My wife Suzanne and I have just taken on the role of co-leaders of the Penang Chapter of Dharma Voices For Animals. As a vegan and Buddhist, this organisation is very close to my heart. It is a non-profit organisation with members in over 50 countries and its purpose is to raise awareness of animal suffering within the worldwide Buddhist community.
Our aim is to inspire Buddhists (and anyone else) to honestly consider their deepest values and explore whether their eating habits are truly expressing those values. Two of the central values in Buddhism are compassion and reverence for life. The five ethical principles are accepted by all forms of Buddhism and the first precept asks us to refrain from harming sentient beings.
If our deepest values are compassion and reverence for life, can we, in all conscience, continue to support industries which are involved in great suffering for animals and the loss of their lives? The food industry has changed radically in recent times with the introduction of factory farms and intolerable lives for the animals being reared. There are several documentaries you can find on YouTube reporting the kind of abuse that goes on in the industry. One example is Glass Walls narrated by Paul McCartney. Even the terms free-range and organic don’t guarantee the animals had a happy life.
Our habits of eating are strongly entrenched in us from our childhood and our culture. It is difficult to go against our conditioning and the pressures of our society, family and friends. However, as Buddhist, we need to carefully examine our eating habits in the light of our Buddhist values. I have no doubt, that were the Buddha alive today he would be strongly advocating a vegan lifestyle.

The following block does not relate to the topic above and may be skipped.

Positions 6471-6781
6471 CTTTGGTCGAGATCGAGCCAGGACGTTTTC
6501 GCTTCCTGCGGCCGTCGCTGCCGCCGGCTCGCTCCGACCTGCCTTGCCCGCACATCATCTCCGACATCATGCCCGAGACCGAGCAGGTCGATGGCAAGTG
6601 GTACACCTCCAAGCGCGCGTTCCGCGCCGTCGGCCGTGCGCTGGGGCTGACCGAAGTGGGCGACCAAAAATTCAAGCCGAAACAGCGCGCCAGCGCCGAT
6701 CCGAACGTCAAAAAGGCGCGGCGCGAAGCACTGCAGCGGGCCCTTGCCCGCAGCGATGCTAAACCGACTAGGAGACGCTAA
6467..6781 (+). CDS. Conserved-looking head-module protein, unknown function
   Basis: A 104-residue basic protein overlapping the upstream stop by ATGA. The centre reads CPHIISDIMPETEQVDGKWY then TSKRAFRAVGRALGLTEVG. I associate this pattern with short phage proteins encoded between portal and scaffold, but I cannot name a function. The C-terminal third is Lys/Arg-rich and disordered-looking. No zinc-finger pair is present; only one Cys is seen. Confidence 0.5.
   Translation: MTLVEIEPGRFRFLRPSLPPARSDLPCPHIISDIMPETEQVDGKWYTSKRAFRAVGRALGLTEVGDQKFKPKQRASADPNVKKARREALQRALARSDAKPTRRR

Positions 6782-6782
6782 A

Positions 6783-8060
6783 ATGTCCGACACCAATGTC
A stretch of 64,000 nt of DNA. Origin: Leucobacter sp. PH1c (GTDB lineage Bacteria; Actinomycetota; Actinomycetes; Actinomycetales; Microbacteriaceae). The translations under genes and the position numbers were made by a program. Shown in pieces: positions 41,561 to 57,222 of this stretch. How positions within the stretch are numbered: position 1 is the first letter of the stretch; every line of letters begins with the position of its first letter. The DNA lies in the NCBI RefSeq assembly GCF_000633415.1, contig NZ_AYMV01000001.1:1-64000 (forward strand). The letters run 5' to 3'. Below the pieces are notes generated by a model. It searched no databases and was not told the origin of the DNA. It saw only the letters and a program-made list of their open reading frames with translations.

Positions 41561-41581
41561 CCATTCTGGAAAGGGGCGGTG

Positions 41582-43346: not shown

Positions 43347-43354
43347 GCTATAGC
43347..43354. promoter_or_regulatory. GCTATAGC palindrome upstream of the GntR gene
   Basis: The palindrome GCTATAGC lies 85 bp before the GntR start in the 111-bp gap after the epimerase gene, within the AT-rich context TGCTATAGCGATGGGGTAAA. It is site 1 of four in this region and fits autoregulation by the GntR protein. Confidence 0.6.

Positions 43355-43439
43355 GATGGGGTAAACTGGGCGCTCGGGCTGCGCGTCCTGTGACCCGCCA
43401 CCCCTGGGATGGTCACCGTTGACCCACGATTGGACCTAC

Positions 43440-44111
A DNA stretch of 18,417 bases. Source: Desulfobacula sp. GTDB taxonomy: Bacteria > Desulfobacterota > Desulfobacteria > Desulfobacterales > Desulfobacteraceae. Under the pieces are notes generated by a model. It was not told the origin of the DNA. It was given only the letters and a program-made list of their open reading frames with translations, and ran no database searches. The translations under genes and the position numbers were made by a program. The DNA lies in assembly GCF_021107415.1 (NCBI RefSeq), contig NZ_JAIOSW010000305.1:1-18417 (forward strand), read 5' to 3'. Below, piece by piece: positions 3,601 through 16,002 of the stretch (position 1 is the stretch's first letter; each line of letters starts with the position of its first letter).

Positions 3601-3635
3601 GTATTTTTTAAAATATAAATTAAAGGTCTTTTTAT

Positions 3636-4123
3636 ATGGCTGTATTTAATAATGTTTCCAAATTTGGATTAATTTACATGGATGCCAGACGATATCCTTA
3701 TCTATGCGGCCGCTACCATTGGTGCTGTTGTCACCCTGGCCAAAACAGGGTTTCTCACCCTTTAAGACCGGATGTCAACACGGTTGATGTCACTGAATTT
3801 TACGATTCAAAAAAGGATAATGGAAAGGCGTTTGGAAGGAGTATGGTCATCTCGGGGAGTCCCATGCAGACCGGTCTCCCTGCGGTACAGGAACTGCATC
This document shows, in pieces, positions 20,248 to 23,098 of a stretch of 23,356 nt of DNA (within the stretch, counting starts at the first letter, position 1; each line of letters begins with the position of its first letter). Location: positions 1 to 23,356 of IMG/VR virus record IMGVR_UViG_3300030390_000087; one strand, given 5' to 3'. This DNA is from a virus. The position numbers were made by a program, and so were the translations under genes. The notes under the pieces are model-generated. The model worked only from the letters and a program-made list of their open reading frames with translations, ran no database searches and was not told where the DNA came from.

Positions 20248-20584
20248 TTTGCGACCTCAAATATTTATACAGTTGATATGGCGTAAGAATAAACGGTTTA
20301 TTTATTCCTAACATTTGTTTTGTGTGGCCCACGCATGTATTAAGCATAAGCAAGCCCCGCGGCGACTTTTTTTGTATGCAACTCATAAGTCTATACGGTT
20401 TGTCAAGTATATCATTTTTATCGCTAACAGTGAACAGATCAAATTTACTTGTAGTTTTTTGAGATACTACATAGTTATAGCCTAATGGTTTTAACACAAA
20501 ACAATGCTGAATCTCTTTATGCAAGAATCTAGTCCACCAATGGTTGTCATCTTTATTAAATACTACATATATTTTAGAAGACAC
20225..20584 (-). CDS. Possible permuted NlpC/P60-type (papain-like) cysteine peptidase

It is difficult to change long-held habits. However, one can set a goal, and aim to reach it step by step. Maybe, you start by refraining from eating meat one day a week. This approach is encouraged as a starting point by the Meatless Monday movement. Personally, I like the all-or-nothing approach where you just change completely at once but I know that it doesn’t suit everyone. The point is to make your intention clear and to move towards your goal.
We hope that the Penang Chapter will become a very active Chapter which can support members and spread the message widely. Please like and share our Facebook Page and sign up to Dharma Voices For Animals here if you’re concerned about the suffering of animals. It’s free to join.
If you are a member of a Buddhist group of any kind, I would be interested to know what their opinion on this matter is.
I attach the full documentary below which was produced by Dharma Voices For Animals.
Yours in the Dharma